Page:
It wasn’t until January 31, 2019 that we heard from Doja Cat, returning to the scene with Rico Nasty on the voluptuous trap-influenced “Tia Tamera”. The song was accompanied with a colorful video with Doja Cat leading the charge lyrically. Doja seemed to be winning the public back with her artistry, but still, she remained humble.
In March 2019, Doja Cat would capture the Internet once again using colorful artistry and good music, her pink performance of her new song “Juicy” on A COLORS SHOW went viral. Men and women alike fell in love with the video’s aesthetics and playful nature of her lyrics. In March 2019, Doja Cat re-released Amala in deluxe fashion, with 3 added songs: Tia Tamera ft Rico Nasty, Mooo!, and the colorful Juicy.
Cancel culture might have subdued the latter part of 2018, but Doja Cat doesn’t seem to be the type of artist that you can “cancel permanently”. She is firmly supplanted in her artistry and will always have an empowering song in the tuck.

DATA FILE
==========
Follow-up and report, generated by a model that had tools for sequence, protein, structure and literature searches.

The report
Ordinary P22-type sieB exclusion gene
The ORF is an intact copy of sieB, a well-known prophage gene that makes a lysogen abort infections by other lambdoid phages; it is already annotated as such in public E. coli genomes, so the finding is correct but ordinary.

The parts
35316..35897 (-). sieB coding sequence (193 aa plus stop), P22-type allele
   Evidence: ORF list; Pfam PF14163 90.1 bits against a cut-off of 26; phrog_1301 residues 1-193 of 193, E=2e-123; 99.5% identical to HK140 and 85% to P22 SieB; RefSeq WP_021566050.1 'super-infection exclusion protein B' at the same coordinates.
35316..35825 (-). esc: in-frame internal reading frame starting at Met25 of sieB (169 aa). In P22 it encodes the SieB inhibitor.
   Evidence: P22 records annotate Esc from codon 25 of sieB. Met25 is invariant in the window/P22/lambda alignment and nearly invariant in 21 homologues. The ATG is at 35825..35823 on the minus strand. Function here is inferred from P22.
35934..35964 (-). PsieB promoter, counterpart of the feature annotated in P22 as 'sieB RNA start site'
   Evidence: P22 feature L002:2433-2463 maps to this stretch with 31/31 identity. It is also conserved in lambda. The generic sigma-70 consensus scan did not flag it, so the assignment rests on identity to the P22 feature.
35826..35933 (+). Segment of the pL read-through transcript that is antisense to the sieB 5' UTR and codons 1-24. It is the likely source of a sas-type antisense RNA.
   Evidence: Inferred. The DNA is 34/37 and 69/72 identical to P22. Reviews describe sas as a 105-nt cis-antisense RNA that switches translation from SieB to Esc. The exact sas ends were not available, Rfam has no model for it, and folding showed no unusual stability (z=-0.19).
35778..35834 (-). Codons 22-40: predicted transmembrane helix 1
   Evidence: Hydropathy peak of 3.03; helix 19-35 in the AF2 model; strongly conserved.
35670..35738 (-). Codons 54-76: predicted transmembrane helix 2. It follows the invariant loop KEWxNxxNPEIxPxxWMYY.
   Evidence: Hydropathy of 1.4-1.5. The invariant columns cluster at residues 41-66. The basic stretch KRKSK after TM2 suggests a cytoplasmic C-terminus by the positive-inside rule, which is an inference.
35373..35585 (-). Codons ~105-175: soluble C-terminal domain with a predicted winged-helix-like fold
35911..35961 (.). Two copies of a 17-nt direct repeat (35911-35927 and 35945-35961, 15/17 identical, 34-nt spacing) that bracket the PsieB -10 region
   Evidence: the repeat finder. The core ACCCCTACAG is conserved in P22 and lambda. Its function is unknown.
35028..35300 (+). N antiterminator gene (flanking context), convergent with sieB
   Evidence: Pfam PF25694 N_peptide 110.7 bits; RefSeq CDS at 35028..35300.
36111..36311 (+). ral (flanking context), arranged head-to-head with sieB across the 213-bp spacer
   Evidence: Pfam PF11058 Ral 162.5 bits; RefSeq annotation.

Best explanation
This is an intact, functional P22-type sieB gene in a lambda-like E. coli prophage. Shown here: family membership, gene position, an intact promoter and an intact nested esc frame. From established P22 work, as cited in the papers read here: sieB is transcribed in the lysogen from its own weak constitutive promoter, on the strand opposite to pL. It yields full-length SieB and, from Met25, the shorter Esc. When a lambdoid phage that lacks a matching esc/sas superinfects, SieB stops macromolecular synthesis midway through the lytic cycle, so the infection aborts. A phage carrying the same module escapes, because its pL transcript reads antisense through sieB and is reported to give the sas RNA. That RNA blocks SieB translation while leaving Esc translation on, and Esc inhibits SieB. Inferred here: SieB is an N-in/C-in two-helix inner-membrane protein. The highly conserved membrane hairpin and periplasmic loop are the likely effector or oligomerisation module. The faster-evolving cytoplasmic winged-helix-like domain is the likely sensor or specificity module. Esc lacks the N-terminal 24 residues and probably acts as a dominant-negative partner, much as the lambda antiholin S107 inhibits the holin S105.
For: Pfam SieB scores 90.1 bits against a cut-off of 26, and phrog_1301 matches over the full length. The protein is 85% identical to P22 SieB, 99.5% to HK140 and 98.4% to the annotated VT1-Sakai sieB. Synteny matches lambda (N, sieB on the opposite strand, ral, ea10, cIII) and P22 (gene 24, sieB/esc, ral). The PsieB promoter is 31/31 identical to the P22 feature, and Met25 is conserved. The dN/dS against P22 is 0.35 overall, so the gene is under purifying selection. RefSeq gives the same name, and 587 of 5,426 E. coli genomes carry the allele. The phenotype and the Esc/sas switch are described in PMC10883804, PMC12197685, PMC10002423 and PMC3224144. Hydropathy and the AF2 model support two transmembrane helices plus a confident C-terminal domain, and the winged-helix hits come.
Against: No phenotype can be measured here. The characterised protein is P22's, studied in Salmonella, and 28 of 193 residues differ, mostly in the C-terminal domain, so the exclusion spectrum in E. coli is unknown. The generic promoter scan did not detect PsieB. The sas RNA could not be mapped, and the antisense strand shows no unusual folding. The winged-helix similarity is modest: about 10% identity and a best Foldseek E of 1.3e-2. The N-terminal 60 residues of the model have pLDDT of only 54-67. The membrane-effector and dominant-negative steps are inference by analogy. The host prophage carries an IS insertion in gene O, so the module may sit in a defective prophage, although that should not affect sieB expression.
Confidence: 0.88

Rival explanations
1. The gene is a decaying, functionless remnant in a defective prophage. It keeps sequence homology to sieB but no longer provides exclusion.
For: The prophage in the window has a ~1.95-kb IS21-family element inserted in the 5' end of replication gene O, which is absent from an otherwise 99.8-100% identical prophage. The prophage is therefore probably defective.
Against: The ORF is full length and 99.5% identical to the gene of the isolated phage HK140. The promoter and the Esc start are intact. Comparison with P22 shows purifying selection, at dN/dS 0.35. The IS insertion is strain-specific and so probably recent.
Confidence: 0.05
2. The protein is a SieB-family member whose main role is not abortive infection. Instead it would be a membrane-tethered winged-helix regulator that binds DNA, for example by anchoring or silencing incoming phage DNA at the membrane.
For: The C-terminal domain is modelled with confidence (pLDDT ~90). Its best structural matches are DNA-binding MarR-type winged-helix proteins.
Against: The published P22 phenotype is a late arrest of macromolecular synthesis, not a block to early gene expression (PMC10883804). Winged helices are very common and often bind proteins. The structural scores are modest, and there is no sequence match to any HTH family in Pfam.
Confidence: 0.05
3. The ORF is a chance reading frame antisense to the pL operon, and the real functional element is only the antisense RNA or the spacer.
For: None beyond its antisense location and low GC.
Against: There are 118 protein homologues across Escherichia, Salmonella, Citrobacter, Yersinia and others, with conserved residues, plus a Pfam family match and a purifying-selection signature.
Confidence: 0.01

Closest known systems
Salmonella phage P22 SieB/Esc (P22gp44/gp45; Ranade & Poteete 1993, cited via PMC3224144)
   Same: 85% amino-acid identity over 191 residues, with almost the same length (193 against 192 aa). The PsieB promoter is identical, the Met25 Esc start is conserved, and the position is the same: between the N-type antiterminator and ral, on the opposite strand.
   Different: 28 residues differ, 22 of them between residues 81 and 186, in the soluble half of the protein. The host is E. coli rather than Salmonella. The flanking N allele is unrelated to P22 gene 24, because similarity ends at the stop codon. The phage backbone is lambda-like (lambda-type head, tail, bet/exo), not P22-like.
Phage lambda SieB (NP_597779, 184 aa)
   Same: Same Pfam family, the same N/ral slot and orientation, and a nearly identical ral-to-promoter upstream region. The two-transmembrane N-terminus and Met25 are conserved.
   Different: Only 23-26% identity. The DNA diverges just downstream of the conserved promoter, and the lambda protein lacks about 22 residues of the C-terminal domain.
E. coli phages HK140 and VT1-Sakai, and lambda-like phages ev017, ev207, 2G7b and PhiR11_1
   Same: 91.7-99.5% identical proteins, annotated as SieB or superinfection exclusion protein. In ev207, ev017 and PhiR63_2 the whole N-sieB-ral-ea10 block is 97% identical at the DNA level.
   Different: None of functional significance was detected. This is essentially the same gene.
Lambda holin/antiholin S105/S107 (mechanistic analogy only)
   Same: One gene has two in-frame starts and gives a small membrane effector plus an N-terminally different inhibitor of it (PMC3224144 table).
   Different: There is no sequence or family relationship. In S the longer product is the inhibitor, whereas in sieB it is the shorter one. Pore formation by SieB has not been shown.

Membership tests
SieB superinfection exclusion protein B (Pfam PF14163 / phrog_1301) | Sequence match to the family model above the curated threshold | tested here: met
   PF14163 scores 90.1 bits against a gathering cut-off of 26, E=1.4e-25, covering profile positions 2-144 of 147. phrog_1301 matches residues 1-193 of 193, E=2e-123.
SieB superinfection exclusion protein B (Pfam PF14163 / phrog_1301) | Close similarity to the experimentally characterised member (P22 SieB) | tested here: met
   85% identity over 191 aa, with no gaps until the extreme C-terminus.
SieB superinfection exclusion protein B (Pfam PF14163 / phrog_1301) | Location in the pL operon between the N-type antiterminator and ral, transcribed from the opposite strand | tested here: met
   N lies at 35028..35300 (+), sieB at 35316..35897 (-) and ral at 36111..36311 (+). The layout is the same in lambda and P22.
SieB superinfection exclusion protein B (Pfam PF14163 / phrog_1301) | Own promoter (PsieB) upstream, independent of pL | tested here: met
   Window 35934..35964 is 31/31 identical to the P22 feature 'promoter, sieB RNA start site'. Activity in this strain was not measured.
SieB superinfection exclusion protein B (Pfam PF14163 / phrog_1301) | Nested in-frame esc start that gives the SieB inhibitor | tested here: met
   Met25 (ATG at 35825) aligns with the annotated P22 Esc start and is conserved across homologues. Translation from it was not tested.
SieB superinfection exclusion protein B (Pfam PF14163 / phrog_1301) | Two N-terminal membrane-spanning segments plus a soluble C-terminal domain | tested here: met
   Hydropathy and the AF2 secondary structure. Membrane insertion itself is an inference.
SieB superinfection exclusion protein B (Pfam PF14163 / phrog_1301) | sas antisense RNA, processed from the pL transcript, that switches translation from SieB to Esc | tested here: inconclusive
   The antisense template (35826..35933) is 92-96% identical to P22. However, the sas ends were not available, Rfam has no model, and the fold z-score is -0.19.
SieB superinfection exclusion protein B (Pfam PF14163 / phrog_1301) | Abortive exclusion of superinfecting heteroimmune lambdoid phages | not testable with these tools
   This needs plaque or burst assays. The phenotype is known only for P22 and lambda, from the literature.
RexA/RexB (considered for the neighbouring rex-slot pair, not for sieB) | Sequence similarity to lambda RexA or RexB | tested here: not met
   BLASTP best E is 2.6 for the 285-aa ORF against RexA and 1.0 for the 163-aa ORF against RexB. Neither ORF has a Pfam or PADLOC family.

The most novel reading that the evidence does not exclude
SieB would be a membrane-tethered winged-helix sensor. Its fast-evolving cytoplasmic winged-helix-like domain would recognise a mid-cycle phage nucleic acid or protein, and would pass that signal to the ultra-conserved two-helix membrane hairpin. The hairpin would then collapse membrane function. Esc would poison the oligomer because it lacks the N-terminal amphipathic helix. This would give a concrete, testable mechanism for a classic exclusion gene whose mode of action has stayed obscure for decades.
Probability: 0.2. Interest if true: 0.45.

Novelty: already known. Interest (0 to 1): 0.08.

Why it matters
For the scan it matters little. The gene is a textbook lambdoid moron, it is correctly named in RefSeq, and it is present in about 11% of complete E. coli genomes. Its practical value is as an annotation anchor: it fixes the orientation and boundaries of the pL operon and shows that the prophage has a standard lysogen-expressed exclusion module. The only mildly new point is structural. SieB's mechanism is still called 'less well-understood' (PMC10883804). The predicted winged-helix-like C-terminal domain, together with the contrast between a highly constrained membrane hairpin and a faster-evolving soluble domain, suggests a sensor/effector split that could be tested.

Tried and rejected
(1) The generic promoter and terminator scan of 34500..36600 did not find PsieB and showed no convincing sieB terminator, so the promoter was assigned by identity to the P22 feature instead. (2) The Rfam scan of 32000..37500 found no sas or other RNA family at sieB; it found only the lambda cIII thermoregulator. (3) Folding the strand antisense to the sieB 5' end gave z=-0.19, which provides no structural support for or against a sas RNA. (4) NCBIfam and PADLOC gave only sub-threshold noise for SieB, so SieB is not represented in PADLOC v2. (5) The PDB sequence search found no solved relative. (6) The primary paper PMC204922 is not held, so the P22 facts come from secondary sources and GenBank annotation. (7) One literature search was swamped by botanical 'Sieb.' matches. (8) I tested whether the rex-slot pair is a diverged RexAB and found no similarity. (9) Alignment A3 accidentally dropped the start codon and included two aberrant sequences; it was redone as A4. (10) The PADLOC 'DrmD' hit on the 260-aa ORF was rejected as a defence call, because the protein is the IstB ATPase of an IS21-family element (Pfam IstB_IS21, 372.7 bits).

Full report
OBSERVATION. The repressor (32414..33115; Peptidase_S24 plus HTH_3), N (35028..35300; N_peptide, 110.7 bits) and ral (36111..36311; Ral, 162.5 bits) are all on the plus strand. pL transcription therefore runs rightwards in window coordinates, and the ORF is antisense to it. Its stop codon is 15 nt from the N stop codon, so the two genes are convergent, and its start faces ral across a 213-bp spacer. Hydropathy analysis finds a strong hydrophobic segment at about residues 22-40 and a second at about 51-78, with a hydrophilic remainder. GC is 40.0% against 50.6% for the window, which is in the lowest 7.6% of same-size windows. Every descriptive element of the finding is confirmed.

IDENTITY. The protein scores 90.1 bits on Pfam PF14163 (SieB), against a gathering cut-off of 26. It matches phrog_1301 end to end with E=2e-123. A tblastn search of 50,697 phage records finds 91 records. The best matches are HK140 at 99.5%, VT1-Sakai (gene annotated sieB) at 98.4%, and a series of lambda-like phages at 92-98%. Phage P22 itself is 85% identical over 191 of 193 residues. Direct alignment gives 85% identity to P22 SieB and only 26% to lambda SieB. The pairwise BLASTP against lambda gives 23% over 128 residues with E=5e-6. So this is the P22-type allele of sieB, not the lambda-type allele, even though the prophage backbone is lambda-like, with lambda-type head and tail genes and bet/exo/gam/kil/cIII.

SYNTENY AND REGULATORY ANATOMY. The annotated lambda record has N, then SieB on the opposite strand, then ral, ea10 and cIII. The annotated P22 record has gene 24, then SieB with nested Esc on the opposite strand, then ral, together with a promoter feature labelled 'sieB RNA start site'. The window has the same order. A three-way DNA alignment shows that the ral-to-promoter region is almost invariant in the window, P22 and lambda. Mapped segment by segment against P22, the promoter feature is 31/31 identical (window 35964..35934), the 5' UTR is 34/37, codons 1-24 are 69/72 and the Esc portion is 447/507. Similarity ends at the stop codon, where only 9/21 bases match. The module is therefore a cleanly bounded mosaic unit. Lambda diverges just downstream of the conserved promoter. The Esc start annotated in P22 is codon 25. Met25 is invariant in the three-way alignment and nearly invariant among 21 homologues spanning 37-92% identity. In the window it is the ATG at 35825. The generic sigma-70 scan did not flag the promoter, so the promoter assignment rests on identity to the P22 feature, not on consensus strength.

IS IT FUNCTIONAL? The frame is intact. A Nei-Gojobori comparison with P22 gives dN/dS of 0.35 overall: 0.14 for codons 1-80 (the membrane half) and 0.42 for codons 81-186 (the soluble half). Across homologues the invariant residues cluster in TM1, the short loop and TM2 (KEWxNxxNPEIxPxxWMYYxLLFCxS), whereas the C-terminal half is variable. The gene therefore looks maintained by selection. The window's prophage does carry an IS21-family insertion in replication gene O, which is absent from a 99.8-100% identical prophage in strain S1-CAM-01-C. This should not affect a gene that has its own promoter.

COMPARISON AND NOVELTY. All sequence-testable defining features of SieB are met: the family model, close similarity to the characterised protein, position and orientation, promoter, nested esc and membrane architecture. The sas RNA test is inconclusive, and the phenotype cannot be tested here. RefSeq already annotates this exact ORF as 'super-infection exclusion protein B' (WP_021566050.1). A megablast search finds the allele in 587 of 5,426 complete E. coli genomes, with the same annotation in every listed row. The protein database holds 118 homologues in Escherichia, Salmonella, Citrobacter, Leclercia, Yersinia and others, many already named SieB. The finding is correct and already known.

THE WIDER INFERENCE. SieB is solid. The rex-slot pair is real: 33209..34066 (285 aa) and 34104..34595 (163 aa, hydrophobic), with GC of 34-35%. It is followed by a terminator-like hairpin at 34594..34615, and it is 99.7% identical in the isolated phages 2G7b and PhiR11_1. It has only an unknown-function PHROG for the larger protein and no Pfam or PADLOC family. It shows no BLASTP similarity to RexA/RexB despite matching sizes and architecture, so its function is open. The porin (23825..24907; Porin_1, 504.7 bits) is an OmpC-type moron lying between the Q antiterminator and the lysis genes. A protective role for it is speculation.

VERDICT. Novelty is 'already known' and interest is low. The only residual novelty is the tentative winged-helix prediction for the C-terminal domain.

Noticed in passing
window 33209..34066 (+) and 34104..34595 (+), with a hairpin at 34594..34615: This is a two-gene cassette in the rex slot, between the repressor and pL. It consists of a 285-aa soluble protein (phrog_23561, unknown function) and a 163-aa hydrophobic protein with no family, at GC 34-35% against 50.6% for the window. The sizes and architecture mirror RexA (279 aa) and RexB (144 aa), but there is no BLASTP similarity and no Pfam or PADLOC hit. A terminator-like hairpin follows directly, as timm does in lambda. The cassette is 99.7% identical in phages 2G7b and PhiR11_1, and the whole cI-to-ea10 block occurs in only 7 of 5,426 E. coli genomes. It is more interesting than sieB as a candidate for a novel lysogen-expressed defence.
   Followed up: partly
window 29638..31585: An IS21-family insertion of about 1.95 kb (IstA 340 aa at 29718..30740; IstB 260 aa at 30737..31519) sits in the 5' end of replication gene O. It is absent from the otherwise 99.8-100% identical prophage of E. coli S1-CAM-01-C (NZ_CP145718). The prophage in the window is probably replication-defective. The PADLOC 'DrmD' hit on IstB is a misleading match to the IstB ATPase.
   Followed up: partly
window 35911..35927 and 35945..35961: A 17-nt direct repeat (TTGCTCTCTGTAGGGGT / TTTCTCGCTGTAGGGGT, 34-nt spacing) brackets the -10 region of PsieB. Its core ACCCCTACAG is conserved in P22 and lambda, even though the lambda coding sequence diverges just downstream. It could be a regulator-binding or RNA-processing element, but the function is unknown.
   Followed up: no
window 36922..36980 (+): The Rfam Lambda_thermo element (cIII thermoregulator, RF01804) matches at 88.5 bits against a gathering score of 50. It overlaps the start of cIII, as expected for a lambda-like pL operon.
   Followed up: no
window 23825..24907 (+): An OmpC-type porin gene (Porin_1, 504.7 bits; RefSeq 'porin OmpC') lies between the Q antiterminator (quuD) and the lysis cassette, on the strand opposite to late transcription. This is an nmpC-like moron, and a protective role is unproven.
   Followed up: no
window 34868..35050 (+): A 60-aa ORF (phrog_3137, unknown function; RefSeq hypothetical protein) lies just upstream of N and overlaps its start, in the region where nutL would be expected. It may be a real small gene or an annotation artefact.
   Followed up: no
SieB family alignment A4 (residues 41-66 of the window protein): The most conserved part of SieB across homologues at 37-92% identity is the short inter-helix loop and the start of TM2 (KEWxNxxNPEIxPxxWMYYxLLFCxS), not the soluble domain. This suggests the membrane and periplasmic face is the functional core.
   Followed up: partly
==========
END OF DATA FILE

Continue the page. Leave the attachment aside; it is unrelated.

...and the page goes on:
As a songwriter, Doja Cat is powerful.
On “Moo!” she jokingly structured a 2 verse song fantasizing about being a cow, complete with a chorus, pre-chorus, bridge, refrain, outro, AND HARMONIES GALORE.
On “Tia Tamera” and “Juicy”, she writes about the same topics – her ass and titties, yet flips the topic in two totally different ways, and over vastly different production. These are signs of a great songwriter – the ability to flip the same topic in different ways without becoming stale; Curren$y is able to do this with weed and lowriders, and Pusha T with cocaine. Doja is creative at speaking at length about her curves. And although her peers borrow the same topic, they aren’t nearly as engaging nor able refreshingly flip the same topic over-and-over. Doja is polishing herself as a songwriter.
The Amala re-release may be signs that the label isn’t yet willing to put out a new Doja project, but with the way the hype is looking follow Tia Tamera and Juicy they might have to pretty soon.